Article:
Can inspiration be found in port cities ?
Interview : Mario Girard, President-Director General, Port of Quebec, Canada
(13th World Conference Cities and Ports – 19/06/2012)*
AIVP : You were appointed President-Director General of the Quebec Port Authority in January 2011. After 18 months at the head of the port, how would you describe the City-Port relation in Quebec ?
M. Girard : I consider that the City-Port relation is developing strongly. When I arrived in the job, one of the first things I did as PDG was to commission a public survey to find out the level of people’s perception and knowledge about the Quebec Port Authority (QPA) and its operations. The results were very revealing. According to the survey, people were generally ill-informed about the Port of Quebec. This led to the creation of several myths which are solidly anchored in the imagination of people in Quebec. For that reason, my team and I have made the effort to meet a very large number of action groups representing as faithfully as possible all the people who live around the Port of Quebec. This activity has enabled us to re-establish the facts in several cases, and to develop new bases on which we are now consolidating our City-Port relation. This initiative has given birth to a community relations committee to ensure that the efforts we make survive over time.
AIVP : Do you think that culture can act as a catalyst in City-Port relations ?
M. Girard : If we talk about culture in the broadest sense, I think it can go some way towards getting people to see a more ludic, less commercial aspect of the port environment. Indeed, culture can help to make a port accessible, give it a more human appearance, give it a face and features of its own. It can even help a port to become better integrated into its medium. More precisely, if we talk more specifically of maritime culture as such, I think it should be valued and reinforced. It must never be taken for granted. You know, when a city has a strong, solid port culture, this implicitly means that it fully understands the importance of the port’s impact, both economically and socially. Now the myths have been debunked, which favours the city-port relation and enhances the effectiveness of the various cooperative efforts between the parties.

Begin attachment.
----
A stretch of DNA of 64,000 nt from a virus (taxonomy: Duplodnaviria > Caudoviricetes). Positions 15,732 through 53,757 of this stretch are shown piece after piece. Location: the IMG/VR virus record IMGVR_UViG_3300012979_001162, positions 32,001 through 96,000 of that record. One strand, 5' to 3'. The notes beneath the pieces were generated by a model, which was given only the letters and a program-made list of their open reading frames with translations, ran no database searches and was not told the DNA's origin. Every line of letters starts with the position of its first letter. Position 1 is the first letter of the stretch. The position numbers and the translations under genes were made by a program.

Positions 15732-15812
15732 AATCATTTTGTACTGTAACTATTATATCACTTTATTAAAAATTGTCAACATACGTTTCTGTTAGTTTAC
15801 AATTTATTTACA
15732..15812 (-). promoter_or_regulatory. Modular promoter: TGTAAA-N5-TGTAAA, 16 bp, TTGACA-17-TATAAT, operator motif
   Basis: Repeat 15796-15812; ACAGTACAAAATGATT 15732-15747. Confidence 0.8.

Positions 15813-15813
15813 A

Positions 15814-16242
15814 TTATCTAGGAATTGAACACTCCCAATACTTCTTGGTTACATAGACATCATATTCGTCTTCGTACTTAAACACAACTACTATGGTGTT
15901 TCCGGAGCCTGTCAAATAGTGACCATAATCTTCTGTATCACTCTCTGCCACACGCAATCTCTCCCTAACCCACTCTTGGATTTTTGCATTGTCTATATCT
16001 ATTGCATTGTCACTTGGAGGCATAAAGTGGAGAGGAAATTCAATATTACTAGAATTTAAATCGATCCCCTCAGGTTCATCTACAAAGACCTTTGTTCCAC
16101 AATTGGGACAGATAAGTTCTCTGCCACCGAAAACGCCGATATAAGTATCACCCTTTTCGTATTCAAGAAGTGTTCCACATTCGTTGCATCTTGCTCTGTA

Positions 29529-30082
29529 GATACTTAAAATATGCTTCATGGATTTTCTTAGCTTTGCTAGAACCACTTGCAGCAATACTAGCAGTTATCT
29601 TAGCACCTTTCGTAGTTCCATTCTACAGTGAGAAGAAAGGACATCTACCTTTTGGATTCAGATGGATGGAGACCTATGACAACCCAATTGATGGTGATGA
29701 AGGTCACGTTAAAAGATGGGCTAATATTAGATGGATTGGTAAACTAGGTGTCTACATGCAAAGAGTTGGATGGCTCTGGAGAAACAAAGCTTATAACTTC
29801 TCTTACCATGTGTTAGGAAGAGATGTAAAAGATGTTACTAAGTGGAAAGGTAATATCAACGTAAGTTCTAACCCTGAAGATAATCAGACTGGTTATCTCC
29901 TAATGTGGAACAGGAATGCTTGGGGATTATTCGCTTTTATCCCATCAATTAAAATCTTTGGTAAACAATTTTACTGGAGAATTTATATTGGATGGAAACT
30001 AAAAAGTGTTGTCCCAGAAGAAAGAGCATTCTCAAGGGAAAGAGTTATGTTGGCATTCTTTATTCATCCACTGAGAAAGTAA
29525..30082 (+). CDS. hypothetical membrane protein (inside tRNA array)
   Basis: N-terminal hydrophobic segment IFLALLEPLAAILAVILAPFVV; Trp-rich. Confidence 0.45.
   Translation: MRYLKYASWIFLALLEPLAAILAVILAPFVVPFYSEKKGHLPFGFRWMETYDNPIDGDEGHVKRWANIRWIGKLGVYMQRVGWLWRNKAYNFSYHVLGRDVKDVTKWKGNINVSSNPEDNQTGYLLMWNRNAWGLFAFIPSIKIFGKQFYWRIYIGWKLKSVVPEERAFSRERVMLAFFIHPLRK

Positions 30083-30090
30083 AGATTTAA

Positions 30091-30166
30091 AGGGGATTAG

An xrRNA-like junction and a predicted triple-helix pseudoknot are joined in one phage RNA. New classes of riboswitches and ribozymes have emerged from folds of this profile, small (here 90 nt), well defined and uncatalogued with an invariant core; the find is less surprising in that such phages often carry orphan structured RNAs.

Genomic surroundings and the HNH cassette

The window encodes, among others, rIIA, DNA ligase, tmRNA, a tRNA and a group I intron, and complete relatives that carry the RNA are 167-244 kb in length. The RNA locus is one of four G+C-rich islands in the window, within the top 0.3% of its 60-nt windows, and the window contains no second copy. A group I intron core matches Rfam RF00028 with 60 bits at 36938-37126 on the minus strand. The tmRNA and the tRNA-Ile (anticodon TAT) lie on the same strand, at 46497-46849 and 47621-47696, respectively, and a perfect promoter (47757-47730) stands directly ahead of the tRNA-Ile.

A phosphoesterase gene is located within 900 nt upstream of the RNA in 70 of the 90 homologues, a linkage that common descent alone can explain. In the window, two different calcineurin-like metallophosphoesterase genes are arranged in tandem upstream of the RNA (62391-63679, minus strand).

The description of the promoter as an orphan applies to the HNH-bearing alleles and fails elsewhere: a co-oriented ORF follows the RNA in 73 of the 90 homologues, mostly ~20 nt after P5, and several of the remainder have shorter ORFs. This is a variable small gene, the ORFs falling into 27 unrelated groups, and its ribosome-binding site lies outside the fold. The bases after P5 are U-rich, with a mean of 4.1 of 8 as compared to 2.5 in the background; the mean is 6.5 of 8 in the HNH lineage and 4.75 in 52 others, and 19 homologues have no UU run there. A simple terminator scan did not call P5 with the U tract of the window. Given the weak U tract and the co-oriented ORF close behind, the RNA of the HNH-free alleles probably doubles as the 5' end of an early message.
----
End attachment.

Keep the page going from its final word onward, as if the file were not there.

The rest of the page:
AIVP : And beyond culture, how can the port rouse curiosity in the people for the reality of the port’s existence, whether river of maritime ?
M. Girard : Quite simply by maintaining a continuous relation with the population. You must show sincere, meaningful interest in people by involving them and showing them that the port authority genuinely seeks integration with the medium around it. You must take into account the hopes and doubts of these people, who constitute the port’s economic and social environment. The port authority must act to take steps which will last in time, such as creating a community relations committee, holding open days, participating in economic and maritime chambers, holding meetings with groups and organisations to encourage dialogue, etc. In short, the port and the people must share their respective challenges and communicate with one another in the greatest mutual respect. Each must know the reality of the other. The possibility of learning and understanding entails curiosity. For this, mutual open-mindedness is absolutely essential.
AIVP : You are also vice president of the Quebec International Summer Festival! An extra way of attracting cruise ship operators ?
M. Girard : As a matter of fact my involvement with the management of the Quebec Summer Festival goes back long before my arrival at the Port of Quebec. You cannot make any contacts at this level. Besides, 80% of the business generated by international cruise ships in the Port of Quebec occurs during the months of September and October, while the Quebec Summer Festival runs from 5 to 15 July. Of course, the QPA and all the actors involved in developing cruise ship activity on the Saint-Lawrence are working very hard to exploit the summer season with the international cruise ship market. However, although the Quebec Summer Festival represents a product with an international appeal for Quebec’s tourism offer, at present it is not an additional means of attracting cruise ship operators.